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Report of a three-year monitoring programme at Heshang Cave, Central China

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Author(s): Chaoyong Hu | Gideon M. Henderson | Junhua Huang | Zhenghong Chen | Kathleen Johnson

Journal: International Journal of Speleology
ISSN 0392-6672

Volume: 37;
Issue: 3;
Start page: 143;
Date: 2008;
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Keywords: stalagmite | speleothem | cave monitoring | palaeoclimate | cave geochemistry

ABSTRACT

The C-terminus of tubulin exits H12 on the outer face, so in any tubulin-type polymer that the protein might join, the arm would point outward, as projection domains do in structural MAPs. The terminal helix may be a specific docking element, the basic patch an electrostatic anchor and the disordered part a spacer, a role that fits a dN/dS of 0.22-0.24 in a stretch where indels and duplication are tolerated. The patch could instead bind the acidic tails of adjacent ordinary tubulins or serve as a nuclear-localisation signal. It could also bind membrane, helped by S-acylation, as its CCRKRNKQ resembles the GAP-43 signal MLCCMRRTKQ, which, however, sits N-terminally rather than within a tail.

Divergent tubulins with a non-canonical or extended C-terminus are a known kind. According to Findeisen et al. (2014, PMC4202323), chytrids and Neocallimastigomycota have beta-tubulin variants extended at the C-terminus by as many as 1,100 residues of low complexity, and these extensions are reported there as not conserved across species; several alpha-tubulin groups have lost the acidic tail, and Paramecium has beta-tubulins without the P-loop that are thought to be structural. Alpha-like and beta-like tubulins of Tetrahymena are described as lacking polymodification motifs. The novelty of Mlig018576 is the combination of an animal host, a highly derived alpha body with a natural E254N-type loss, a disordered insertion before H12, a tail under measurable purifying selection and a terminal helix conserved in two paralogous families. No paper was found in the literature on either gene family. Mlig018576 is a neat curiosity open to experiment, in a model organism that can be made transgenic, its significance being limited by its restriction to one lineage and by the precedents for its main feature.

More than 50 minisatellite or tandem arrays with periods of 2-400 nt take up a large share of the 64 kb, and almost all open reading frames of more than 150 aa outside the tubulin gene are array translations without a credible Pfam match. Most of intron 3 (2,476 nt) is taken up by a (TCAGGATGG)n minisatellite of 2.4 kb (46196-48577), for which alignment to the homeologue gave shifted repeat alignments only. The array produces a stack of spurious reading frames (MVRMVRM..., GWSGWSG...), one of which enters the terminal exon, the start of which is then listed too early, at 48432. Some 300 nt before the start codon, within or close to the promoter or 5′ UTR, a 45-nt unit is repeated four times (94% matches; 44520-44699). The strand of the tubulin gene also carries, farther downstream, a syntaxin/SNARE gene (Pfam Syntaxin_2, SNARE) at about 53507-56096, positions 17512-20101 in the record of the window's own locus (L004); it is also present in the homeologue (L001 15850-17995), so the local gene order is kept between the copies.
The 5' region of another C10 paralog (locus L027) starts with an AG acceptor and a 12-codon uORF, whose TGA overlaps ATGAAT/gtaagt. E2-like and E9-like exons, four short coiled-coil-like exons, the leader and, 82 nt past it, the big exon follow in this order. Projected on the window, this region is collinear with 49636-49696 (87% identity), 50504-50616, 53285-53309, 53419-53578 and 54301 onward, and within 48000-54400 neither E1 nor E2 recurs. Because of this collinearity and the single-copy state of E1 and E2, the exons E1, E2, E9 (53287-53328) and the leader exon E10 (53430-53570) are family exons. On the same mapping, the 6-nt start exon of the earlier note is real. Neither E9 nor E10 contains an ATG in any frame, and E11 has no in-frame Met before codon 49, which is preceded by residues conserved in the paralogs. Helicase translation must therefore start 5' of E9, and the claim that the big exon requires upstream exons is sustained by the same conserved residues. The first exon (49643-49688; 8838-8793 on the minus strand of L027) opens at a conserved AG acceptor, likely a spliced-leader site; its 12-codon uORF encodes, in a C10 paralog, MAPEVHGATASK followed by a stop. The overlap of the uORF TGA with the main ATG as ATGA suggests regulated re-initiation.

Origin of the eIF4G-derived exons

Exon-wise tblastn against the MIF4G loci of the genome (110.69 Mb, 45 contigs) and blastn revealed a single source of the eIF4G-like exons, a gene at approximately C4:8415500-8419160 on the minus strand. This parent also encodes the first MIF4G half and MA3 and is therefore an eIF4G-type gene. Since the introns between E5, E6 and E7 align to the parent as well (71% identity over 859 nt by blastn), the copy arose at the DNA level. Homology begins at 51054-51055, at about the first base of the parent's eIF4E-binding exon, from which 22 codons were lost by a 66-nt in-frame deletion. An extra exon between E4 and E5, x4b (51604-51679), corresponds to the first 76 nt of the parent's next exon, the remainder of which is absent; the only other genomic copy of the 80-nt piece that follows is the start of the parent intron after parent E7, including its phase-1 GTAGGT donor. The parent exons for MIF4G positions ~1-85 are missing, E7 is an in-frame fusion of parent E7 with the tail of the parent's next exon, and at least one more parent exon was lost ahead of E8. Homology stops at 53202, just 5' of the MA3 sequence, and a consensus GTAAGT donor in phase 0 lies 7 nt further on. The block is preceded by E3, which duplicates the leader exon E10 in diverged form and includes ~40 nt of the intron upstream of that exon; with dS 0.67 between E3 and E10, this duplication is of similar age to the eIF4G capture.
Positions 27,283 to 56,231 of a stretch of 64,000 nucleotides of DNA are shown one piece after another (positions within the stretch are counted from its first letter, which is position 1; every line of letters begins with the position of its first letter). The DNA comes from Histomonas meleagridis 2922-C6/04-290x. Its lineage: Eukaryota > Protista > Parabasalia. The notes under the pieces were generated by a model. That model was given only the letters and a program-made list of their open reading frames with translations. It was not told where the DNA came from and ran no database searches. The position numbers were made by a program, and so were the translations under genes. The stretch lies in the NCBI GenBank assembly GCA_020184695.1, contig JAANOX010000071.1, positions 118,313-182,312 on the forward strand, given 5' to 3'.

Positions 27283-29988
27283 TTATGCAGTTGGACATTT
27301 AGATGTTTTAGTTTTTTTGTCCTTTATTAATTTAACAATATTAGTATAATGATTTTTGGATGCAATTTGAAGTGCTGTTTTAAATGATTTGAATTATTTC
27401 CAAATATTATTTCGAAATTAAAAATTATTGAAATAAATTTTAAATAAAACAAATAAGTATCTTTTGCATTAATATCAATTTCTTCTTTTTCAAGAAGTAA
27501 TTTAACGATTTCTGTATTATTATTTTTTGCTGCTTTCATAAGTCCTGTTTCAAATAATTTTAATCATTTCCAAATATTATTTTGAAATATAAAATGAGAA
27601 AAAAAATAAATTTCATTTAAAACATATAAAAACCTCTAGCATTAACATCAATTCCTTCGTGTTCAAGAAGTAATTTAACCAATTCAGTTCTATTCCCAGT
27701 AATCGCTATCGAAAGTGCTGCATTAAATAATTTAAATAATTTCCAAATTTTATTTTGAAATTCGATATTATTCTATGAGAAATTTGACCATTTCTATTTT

Heshang Cave is situated in central China (30º27’N, 110º25’E; 294 m) in the middle reaches of the Yangtze Valley, a region stronglyimpacted by the East Asian Monsoon. It contains large annually-laminated Holocene and late Pleistocene stalagmites which capture pastmonsoon behaviour with seasonal resolution, and could enhance understanding of the amplitude and frequency of monsoon behaviour indifferent climate states. In this paper, we present results of a 3-year monitoring programme at Heshang. T loggers outside the cave agree closely with T data from nearby meteorological stations. T at the site of growth of the largest recovered stalagmite averages 18ºC (identical to mean annual T outside the cave) with a seasonal amplitude of 5ºC (about one fifth of the external cycle). Rainfall measurements from a station 3 km from the cave indicate strong summer monsoon rain in 2004 and 2005, but rather weaker summer rain (by ≈30%) in 2006.Drip rate at the monitoring site has a base flow of 14 drips/minute and shows a sharp increase to ≈40 drips/minute early in the summerrains of 2004 and 2005, followed by a gradual return to base-flow as the monsoon weakens. This abrupt change presumably representsthreshold behaviour in the hydrological system. This threshold is not passed in 2006 and there is no abrupt increase in drip rate, indicating the sensitivity of this site (and presumably of speleothem chemistry in this cave) to monsoon rainfall. Results are also reported from a 10-month deployment of a Stalagmate drip counter, and for CO2 levels in Heshang Cave. Overall, this monitoring work represents an essential dataset for interpretation of the chemistry of drip waters, of carbonates grown on glass slides and, ultimately, of long speleothem records of past climate from Heshang Cave.

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